Ryan O'Connell
Ryan Pfluger
June 17, 2022 3:41 PM EDT

“Why do I do this to myself?” is something I mutter every time I’m standing naked while a makeup artist paints over the zits on my butt. After writing and starring in my autobiographical Netflix show Special and now, Peacock’s reboot of Queer as Folk—two TV shows with plenty of sex—this happens more often than you’d think. Why am I so obsessed with gay sex? Why do I feel the need to get naked in front of a room full of strangers? Why have I written a sex scene where I get faux-penetrated by a literal model? These are the kind of questions that float through my brain while I’m filming a sex scene. And it’s not just the medium of television that’s being terrorized by my gay smut. My debut novel, Just by Looking at Him, opens up with the line, “My boyfriend Gus has a beautiful penis.” And then proceeds to describe said beautiful penis in graphic detail.

Here’s how I can make sense of it: I write things that will act as a balm for a younger version of me. When I wrote a scene in Season 2 of Special where my boyfriend defecates on me during intercourse (can I write that sentence in TIME?), I was writing that scene for 17-year-old me, who lost his virginity and actually did sh-t on his boyfriend in the process. (Oh no. TIME is trying to escort me off the premises.) Mortified, I tried to Google “anal sex accident” but it was 2004—the era of Ask Jeeves—and Jeeves could not or WOULD NOT go there. I remember thinking that something was wrong with me, that perhaps this had to do with my cerebral palsy and I wasn’t able to have sex like the rest of my able-bodied peers. There was no literature, no TV, or movies to turn to. I had to sit with that shame and fear. I ended up not having sex for a decade partially because I was scared of what would happen the next time. I now know that such accidents are common and it has nothing to do with your physical abilities. But I wish I’d known that sooner. If I did, maybe I wouldn’t have spent 10 years being celibate and now, at the age of 35, feel like I’m constantly playing catch-up.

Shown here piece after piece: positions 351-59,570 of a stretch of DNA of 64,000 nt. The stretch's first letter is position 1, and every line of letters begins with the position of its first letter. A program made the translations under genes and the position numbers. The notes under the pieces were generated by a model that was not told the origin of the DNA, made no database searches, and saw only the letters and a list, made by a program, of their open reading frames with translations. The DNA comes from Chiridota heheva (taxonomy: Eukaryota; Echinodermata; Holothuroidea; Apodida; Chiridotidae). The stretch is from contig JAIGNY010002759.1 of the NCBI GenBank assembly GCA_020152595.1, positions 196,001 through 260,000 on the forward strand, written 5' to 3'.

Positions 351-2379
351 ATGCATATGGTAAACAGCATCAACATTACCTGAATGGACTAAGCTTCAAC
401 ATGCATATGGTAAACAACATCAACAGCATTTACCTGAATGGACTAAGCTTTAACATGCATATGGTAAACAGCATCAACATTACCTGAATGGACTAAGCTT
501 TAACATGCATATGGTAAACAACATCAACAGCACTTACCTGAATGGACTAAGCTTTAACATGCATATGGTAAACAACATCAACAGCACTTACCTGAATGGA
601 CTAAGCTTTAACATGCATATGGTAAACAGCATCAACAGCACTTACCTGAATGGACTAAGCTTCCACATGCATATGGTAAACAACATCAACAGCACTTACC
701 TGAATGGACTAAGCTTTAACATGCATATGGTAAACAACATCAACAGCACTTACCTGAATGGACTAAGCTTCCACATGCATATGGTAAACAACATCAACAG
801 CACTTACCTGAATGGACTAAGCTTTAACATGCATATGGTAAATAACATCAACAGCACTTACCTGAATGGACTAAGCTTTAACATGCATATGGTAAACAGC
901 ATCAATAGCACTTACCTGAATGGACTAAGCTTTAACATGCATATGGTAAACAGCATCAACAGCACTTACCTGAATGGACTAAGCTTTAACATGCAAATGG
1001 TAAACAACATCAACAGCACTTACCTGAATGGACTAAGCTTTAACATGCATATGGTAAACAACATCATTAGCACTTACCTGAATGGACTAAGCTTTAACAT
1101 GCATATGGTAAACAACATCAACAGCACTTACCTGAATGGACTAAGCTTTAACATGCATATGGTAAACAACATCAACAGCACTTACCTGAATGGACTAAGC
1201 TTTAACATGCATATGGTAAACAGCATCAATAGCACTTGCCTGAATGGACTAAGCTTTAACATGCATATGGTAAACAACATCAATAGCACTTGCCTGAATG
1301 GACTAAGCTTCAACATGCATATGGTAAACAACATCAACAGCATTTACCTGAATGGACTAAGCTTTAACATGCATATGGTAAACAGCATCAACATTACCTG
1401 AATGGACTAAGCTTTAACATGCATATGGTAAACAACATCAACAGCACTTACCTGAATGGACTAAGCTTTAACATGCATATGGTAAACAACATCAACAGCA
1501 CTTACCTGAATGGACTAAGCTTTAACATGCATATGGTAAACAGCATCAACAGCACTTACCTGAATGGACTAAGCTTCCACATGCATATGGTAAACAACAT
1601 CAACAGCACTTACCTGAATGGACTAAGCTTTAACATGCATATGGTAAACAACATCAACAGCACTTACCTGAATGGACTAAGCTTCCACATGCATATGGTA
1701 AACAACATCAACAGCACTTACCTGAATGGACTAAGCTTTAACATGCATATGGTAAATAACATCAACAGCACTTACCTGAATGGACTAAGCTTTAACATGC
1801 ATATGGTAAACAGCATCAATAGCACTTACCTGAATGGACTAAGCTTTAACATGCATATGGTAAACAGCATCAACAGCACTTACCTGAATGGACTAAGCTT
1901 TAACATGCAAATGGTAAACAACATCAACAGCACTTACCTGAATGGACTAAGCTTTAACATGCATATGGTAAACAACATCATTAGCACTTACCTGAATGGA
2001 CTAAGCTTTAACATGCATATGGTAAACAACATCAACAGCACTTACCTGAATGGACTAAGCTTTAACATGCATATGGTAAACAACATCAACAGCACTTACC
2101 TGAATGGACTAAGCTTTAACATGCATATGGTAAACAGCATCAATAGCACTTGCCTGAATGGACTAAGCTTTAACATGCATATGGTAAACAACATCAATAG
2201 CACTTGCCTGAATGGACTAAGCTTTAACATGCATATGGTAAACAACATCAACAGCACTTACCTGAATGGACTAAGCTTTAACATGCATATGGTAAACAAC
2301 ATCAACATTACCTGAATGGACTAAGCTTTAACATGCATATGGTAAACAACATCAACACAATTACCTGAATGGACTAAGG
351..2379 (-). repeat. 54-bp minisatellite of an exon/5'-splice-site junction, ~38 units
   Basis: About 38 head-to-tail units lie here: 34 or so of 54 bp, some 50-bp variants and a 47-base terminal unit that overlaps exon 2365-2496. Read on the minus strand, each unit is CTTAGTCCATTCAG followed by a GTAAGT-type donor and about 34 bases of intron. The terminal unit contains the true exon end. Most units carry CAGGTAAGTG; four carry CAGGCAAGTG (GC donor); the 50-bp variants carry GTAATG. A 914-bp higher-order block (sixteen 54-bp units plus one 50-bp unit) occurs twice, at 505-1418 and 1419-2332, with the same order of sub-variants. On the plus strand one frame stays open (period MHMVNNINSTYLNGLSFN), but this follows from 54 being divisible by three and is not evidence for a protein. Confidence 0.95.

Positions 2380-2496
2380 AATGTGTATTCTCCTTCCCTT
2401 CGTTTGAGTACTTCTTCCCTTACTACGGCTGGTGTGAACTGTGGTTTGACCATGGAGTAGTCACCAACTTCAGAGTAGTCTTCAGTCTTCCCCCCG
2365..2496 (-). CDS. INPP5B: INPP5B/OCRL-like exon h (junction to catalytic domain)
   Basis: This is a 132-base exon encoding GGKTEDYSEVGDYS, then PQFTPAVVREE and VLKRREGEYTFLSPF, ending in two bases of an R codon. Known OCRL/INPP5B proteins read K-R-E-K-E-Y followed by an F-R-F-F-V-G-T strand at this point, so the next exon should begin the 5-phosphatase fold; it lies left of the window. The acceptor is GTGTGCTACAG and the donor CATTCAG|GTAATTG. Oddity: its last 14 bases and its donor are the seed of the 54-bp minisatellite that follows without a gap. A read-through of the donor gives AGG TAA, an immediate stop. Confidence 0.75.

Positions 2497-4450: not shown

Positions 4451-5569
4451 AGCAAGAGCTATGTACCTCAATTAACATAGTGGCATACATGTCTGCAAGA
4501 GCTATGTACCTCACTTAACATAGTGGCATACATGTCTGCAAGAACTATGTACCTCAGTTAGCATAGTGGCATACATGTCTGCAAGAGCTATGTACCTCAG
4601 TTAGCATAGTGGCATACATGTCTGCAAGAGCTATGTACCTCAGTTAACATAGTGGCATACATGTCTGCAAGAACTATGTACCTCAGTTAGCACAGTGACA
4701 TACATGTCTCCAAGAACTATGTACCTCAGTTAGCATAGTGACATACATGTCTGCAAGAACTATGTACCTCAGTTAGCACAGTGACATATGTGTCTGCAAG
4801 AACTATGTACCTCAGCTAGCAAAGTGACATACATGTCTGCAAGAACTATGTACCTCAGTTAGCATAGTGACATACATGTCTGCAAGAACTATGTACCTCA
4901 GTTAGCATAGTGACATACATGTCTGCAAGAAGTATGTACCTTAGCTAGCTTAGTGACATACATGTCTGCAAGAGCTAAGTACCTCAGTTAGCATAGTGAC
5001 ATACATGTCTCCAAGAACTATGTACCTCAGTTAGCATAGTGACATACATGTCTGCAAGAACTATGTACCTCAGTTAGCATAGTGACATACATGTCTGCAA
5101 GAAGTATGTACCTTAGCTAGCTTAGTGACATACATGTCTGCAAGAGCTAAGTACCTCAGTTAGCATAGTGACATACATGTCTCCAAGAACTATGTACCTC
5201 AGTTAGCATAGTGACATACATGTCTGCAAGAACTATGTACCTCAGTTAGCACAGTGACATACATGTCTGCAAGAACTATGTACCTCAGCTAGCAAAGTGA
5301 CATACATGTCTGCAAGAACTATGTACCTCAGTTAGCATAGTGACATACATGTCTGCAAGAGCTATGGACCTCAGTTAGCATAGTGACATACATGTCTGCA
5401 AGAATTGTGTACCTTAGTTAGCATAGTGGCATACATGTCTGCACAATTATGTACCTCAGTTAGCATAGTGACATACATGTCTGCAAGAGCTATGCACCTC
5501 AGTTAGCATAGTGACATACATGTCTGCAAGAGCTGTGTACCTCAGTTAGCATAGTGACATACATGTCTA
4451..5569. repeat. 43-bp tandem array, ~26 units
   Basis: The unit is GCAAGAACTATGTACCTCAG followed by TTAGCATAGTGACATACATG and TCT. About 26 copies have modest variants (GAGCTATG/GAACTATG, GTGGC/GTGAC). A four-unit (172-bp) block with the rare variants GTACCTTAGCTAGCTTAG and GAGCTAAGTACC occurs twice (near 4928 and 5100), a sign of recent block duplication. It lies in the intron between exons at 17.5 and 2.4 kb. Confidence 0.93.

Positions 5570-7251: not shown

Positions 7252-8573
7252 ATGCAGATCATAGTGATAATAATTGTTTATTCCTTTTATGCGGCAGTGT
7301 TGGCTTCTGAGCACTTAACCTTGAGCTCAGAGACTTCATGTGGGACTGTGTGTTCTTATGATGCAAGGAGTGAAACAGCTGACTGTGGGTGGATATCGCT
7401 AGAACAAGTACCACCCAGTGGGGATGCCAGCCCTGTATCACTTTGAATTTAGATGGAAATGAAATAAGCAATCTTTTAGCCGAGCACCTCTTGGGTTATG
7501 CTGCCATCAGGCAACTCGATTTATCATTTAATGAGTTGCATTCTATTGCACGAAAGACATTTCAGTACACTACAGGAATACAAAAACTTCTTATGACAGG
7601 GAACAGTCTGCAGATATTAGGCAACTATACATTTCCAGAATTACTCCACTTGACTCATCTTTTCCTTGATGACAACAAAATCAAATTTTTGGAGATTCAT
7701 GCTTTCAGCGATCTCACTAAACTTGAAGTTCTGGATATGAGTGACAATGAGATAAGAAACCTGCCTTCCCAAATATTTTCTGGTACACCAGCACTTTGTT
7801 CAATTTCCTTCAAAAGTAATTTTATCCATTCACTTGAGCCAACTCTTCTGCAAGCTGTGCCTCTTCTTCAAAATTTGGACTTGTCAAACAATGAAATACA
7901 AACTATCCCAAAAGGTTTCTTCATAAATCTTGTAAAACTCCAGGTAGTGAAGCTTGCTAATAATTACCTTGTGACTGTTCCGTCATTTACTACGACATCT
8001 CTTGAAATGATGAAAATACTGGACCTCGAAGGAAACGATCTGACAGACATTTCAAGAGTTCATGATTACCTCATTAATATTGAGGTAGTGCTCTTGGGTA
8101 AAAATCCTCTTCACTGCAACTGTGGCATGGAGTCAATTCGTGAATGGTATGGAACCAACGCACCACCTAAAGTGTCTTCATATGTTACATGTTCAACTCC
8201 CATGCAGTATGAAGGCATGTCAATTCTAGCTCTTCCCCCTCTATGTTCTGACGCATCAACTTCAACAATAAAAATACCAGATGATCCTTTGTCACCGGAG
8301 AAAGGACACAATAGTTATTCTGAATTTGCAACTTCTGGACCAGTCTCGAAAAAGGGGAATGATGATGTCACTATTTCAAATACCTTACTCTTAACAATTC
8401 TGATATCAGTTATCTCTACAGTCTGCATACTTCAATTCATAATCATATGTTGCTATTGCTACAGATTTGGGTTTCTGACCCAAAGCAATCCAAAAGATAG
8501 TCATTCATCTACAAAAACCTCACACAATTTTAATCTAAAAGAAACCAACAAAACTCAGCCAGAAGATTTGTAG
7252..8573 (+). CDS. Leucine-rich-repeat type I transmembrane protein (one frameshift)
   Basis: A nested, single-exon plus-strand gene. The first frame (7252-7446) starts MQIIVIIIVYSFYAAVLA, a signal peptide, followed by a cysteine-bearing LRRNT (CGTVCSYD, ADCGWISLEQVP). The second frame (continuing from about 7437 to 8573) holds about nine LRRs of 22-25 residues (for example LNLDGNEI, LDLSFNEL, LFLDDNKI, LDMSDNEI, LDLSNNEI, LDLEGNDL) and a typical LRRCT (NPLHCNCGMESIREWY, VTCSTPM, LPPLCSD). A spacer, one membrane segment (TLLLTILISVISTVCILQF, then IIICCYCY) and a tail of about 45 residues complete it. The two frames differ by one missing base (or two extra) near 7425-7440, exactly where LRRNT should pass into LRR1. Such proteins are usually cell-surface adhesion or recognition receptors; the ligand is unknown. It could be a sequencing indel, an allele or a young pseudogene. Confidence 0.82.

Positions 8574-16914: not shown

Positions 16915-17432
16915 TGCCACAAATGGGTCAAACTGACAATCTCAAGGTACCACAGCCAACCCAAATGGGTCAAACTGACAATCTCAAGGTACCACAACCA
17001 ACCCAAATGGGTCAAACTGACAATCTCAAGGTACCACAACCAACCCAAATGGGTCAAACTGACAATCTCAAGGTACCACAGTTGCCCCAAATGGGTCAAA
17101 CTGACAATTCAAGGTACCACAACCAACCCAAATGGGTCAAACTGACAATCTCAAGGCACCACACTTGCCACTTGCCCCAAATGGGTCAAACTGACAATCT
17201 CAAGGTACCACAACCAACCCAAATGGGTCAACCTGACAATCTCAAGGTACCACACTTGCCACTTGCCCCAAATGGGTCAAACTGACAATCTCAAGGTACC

Ryan O'Connell as Ryan Hayes and Max Jenkins as Tanner in
Ryan O'Connell as Ryan Hayes and Max Jenkins as Tanner in "Special."
Netflix

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Representation matters. Groundbreaking, I know. But especially with gay sex—an act that has either been heavily eroticized in TV and film or been removed entirely. Watching Call Me By Your Name in 2017, I felt a sense of betrayal when the camera panned away to a tree as Armie Hammer and Timothée Chalamet’s characters finally consummate their relationship. It was cowardly—the ultimate copout. The whole movie was founded on their queer desire. And now we’re not allowed to see that desire be acted on! But, oh, we can see Timothée have sex with a girl and a literal peach in the same movie? Homophobic. In a movie that’s supposed to be made for us, by a gay director. The call is coming from inside the house! Or, in this case, an Italian villa.

Read more: How Queer as Folk Became the Defining Gay TV Show of a Generation—Twice